In the fractions of a second in which you need to identify a danger, process the decision, react and respond to the hazard, there isn’t enough time when you do not remain focused or your attention isn’t on driving.

Forty-four states, including Louisiana, ban text messaging for all drivers. Fourteen states prohibit hand-held cell phone use by drivers.

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Currently, Louisiana has a bill to propose the use of hands free devices only for drivers.

University Medical Center, which is home to the region’s only Level I Trauma Center, has a strong commitment to the prevention of injuries due to distracted driving. The Trauma Center’s Injury Prevention Team is committed to decreasing the risk of injury through programs such as Sudden Impact.

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Twice per week, high school sophomores attend the hospital-based program to understand the real consequences to such high-risk behavior. Helping them understand the risks of distracted driving is essential – after all, 76% of participants state that they have been in a crash or near crash because the driver of the vehicle was distracted.

Distracted driving is also written into the script for the Sudden Impact Mock Crash, “Consequences of Impact” and the Mock Trial, “Lifetime of Consequences.”

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We encourage you to not be the next victim.

Reduce cell phone distractions

If there is an option to turn your phone off or send automatic replies to texts while driving, this is highly recommended.

It can wait

Most conversations and texts can wait and if they cannot, pull to a safe, well-lit area to return the call or text.

Safety first

Be a role model to the passengers in your vehicle. If you have a call or text that needs to be returned, have a passenger return the call or text for you.

Eyes on the road

Keep your eyes on the road and always be aware of your surroundings.

Drive defensively

Be ready to avoid a crash by driving defensively.

Remember, crashes are PREVENTABLE.

Open Up: The Truth About Oral Cancer

Author: Rohan Walvekar, MD, Co-Director of ENT Services at UMC

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Oral cancer will be responsible for over 10,000 deaths and will affect over 50,000 people in the United States in 2018.

These numbers may surprise you, because, in general, oral cancers are not thought of as commonly occurring; however, Louisiana is one of the states with highest incidence of oral and pharyngeal cancers in the United States.

What is the rate of these cancers in Louisiana?

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April honors Oral Cancer Awareness, and is a good time to learn about the signs, symptoms and treatment of oral cancer, as well as the importance of early detection.

What are oral cancers and why should we care about these cancers?

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Oral cancers are cancers that affect parts of our mouth such as the gums, tongue or palate. They are most commonly caused by tobacco use and alcohol consumption. There is a new threat called Human Papilloma Virus (HPV-16) that can also cause certain types of oral and oropharyngeal cancers.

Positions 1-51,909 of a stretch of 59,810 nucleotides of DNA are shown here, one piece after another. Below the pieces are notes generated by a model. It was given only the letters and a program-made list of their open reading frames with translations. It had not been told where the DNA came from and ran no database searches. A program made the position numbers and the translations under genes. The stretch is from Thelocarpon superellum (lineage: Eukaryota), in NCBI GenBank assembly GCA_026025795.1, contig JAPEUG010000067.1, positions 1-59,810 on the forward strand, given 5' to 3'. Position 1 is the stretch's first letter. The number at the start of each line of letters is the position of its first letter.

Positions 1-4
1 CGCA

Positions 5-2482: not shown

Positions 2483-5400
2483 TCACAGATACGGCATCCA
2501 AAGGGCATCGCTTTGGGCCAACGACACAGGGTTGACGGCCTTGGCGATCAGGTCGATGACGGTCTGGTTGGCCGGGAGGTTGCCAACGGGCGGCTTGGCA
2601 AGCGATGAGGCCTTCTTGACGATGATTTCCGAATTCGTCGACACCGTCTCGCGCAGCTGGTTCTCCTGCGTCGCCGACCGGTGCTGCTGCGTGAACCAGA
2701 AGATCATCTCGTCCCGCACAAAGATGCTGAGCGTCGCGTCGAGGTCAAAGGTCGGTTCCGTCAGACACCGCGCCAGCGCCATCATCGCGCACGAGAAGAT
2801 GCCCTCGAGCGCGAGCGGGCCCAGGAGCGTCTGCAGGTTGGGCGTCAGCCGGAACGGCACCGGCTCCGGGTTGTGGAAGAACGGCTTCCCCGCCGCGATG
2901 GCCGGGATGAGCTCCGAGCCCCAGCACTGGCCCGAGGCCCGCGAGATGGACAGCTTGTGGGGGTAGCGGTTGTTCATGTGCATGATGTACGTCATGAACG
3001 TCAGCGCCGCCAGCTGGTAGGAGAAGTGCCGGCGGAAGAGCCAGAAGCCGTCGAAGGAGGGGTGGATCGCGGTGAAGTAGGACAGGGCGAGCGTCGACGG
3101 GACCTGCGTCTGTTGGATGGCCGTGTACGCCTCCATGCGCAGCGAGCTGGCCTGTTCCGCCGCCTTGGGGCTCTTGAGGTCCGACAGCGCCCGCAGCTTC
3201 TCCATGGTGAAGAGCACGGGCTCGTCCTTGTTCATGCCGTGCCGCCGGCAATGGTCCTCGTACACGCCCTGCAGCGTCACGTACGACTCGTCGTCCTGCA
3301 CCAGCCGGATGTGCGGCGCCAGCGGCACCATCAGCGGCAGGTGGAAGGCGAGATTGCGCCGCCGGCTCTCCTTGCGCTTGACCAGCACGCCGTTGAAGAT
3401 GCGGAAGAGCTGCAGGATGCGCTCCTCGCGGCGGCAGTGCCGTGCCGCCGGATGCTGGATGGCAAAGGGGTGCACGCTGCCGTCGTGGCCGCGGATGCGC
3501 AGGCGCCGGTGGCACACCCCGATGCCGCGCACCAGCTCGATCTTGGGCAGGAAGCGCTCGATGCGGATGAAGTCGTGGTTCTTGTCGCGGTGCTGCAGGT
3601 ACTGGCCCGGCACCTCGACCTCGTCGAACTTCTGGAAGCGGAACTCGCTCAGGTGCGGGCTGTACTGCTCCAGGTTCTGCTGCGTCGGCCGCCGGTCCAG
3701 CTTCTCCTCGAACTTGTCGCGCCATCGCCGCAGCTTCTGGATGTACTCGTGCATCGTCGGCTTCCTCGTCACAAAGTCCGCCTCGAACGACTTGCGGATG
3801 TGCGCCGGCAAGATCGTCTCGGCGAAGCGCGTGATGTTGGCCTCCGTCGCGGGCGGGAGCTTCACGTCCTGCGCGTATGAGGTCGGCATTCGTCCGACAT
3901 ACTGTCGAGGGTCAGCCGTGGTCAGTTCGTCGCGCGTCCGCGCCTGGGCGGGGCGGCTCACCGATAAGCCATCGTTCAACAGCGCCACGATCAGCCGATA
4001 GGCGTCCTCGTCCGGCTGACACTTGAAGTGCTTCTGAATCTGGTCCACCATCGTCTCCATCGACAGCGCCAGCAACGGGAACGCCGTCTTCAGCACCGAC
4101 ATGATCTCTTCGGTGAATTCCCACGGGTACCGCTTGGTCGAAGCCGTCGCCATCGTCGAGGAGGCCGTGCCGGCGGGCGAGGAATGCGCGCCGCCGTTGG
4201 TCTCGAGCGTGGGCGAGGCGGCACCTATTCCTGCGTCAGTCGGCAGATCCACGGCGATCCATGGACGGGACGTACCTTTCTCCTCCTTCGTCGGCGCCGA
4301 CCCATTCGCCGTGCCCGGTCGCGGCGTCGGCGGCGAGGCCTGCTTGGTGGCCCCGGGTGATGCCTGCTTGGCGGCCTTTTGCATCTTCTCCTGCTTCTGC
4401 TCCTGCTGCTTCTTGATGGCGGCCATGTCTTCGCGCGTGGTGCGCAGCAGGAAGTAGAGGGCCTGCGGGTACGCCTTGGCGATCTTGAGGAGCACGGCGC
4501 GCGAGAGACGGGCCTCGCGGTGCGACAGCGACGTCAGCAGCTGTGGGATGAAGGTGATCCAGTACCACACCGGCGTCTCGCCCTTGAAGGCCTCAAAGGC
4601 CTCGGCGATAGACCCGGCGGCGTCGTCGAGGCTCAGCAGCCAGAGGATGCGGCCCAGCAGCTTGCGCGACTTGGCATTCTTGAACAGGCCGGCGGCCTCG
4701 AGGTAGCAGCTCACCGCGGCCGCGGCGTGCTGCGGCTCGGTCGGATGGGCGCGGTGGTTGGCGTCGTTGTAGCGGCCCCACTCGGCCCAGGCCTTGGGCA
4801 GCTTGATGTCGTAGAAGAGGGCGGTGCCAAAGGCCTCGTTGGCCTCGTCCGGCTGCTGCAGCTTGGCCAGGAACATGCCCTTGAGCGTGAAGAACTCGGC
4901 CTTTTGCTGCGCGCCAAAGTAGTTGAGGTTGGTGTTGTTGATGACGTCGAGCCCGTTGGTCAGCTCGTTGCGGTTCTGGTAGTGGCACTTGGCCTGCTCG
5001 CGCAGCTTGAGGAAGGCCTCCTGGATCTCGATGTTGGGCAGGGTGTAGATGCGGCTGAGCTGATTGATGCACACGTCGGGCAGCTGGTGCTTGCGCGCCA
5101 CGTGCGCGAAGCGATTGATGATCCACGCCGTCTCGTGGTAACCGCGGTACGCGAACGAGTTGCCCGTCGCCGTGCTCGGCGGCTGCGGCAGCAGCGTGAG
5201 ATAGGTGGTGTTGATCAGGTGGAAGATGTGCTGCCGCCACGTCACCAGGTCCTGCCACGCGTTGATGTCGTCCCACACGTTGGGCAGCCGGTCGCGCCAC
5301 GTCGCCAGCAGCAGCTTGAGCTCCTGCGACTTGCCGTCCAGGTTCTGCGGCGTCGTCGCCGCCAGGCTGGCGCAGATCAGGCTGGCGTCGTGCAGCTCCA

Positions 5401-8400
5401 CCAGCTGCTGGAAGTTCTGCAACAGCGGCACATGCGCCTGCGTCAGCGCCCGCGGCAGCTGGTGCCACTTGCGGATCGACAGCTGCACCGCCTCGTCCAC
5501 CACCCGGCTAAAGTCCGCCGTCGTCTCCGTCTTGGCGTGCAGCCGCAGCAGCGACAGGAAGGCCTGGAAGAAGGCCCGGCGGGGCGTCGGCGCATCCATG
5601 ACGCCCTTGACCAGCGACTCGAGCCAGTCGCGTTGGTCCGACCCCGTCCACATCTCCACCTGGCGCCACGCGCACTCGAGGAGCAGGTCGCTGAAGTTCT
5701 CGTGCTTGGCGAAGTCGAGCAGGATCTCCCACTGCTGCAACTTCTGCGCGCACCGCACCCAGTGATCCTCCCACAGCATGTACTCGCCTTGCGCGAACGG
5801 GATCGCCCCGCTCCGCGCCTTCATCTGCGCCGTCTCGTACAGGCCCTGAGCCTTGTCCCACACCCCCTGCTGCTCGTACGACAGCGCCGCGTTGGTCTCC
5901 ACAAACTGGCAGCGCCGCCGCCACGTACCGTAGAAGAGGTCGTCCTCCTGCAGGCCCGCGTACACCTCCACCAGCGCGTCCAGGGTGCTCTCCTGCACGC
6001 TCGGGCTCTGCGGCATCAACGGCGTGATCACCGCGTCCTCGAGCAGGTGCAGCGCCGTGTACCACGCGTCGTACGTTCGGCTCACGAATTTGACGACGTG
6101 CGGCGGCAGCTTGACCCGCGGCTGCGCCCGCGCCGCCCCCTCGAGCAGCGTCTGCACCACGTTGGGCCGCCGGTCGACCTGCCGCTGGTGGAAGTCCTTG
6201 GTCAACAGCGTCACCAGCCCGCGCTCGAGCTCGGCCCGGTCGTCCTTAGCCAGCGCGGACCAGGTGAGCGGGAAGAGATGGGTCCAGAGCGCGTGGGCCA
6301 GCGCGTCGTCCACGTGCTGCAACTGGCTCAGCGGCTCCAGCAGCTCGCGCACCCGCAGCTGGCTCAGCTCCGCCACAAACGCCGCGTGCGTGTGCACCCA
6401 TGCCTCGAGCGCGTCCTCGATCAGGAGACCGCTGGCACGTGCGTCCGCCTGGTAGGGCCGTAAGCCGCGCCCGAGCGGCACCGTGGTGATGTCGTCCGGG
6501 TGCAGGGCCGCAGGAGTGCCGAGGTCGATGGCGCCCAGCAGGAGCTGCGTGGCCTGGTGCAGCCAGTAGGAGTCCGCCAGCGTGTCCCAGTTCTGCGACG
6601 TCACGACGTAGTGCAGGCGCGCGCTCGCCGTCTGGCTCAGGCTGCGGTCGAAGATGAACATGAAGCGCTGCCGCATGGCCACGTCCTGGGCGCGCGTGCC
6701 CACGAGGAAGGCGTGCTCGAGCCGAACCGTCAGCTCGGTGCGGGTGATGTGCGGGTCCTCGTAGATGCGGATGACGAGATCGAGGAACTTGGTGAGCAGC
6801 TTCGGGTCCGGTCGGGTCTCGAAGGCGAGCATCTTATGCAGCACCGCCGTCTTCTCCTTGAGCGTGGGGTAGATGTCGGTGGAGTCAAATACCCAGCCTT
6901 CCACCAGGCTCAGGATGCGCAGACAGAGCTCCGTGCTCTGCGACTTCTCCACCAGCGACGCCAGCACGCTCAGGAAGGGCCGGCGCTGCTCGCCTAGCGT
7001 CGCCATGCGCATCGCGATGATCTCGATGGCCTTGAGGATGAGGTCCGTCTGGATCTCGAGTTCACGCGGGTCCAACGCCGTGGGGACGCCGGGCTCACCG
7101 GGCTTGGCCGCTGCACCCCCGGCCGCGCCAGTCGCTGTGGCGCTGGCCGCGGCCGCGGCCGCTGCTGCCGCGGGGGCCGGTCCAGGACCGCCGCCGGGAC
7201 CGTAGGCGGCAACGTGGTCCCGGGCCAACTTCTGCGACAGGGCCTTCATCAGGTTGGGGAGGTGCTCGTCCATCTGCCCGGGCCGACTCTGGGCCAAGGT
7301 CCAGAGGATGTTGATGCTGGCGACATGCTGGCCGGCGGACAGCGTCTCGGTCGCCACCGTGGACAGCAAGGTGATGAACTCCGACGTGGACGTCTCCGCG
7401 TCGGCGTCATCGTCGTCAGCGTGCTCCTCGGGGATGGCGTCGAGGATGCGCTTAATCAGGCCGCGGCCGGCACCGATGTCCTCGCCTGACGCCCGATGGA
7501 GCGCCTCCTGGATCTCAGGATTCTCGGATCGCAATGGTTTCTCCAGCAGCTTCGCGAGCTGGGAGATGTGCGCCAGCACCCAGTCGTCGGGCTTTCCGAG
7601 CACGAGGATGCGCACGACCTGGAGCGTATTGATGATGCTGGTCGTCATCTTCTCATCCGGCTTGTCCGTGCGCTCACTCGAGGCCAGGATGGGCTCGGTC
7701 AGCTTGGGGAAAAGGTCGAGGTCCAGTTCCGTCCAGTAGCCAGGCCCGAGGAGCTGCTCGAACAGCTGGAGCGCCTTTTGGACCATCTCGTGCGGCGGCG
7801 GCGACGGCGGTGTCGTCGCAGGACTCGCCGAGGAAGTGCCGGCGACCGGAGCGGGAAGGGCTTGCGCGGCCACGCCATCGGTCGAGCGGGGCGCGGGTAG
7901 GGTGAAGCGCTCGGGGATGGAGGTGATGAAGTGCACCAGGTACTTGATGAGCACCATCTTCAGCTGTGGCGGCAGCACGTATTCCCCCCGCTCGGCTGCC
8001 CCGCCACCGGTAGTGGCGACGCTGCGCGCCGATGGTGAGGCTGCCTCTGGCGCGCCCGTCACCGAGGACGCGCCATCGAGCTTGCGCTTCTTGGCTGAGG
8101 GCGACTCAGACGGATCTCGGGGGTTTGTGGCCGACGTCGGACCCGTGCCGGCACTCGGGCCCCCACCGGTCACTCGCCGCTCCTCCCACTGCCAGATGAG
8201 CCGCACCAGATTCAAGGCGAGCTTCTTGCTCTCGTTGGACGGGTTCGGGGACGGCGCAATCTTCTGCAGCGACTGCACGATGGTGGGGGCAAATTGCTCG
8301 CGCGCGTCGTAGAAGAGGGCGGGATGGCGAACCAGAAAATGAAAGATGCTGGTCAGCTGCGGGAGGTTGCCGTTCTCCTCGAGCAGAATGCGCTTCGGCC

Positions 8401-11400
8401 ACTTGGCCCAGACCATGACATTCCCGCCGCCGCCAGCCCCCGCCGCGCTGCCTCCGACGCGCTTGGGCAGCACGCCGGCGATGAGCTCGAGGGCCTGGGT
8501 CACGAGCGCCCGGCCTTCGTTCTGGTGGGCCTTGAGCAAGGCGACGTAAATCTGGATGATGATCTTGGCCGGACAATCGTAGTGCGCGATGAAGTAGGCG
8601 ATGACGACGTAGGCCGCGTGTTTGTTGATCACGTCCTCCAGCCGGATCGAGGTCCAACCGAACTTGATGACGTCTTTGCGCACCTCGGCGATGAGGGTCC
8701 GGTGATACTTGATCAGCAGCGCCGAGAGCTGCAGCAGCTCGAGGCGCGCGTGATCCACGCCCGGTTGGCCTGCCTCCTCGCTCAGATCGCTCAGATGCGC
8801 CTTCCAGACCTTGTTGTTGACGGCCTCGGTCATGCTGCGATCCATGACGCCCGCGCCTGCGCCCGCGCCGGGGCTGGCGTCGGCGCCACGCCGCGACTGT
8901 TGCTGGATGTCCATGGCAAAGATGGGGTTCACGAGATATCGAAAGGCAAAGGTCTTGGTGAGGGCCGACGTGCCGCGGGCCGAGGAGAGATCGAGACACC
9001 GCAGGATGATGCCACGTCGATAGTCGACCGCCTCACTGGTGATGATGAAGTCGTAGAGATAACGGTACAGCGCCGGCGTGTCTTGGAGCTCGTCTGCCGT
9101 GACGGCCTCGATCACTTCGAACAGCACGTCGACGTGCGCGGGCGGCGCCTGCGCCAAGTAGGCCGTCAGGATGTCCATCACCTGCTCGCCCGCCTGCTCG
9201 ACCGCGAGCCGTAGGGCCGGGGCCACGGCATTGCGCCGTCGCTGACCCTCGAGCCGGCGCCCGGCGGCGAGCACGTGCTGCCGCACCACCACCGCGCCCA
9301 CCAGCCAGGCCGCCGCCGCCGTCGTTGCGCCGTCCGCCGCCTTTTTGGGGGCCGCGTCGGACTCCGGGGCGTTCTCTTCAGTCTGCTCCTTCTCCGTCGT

These cancers are important because they have a devastating effect on a person’s ability to communicate with the world around them by affecting speech and swallowing, breathing and appearance; treatment, which is most commonly involves surgical removal, may also have an serious impact on these functions that are so vital to us.

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Surgical management is the ideal treatment for oral cancers but comes with the possibility of a disfiguring operation (e.g. removal of jaw bone or tongue affecting appearance or speech) and loss of function.

Early detection of oral cancer plays a vital role improving quality of life and function by limiting extent of surgery and consequently side effects of treatment.

In addition, it’s important to note that early-stage tumors (i.e. tumors detected at an earlier stage of the disease) have better chances of cure (5-year disease-free survival: 60-80 percent) as compared to cancers diagnosed when they are too large or advanced (5-year disease-free survival rates: 30-40 percent).

Unlike other types of cancers that may miss detection until they are too advanced; oral cancers can be diagnosed earlier with inspection and a biopsy – both of which can be easily done during an oral cavity examination by an expert in the clinic or at a cancer-screening event.

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Patients who notice a sore, ulcer or growth in the mouth that has not responded to treatment or a lump in the neck (oral cancers can spread to lymph nodes in the neck) that does not go away either after treatment or spontaneously in 2-3 weeks, should get check by an oral cavity expert such as an ENT surgeon or Head & Neck Cancer Surgeon.

The slogan that the Head Neck Cancer Alliance (OHANCAW) promotes –“All you have to do is open your mouth” is a testament to how a simple cancer screening can save lives and improve outcomes for oral cancer patients who are diagnosed early.

Get screened – promote screening – save lives!

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Click here to learn more about our Cancer Services and future screenings.

To make an appointment with an ENT, visit our website here.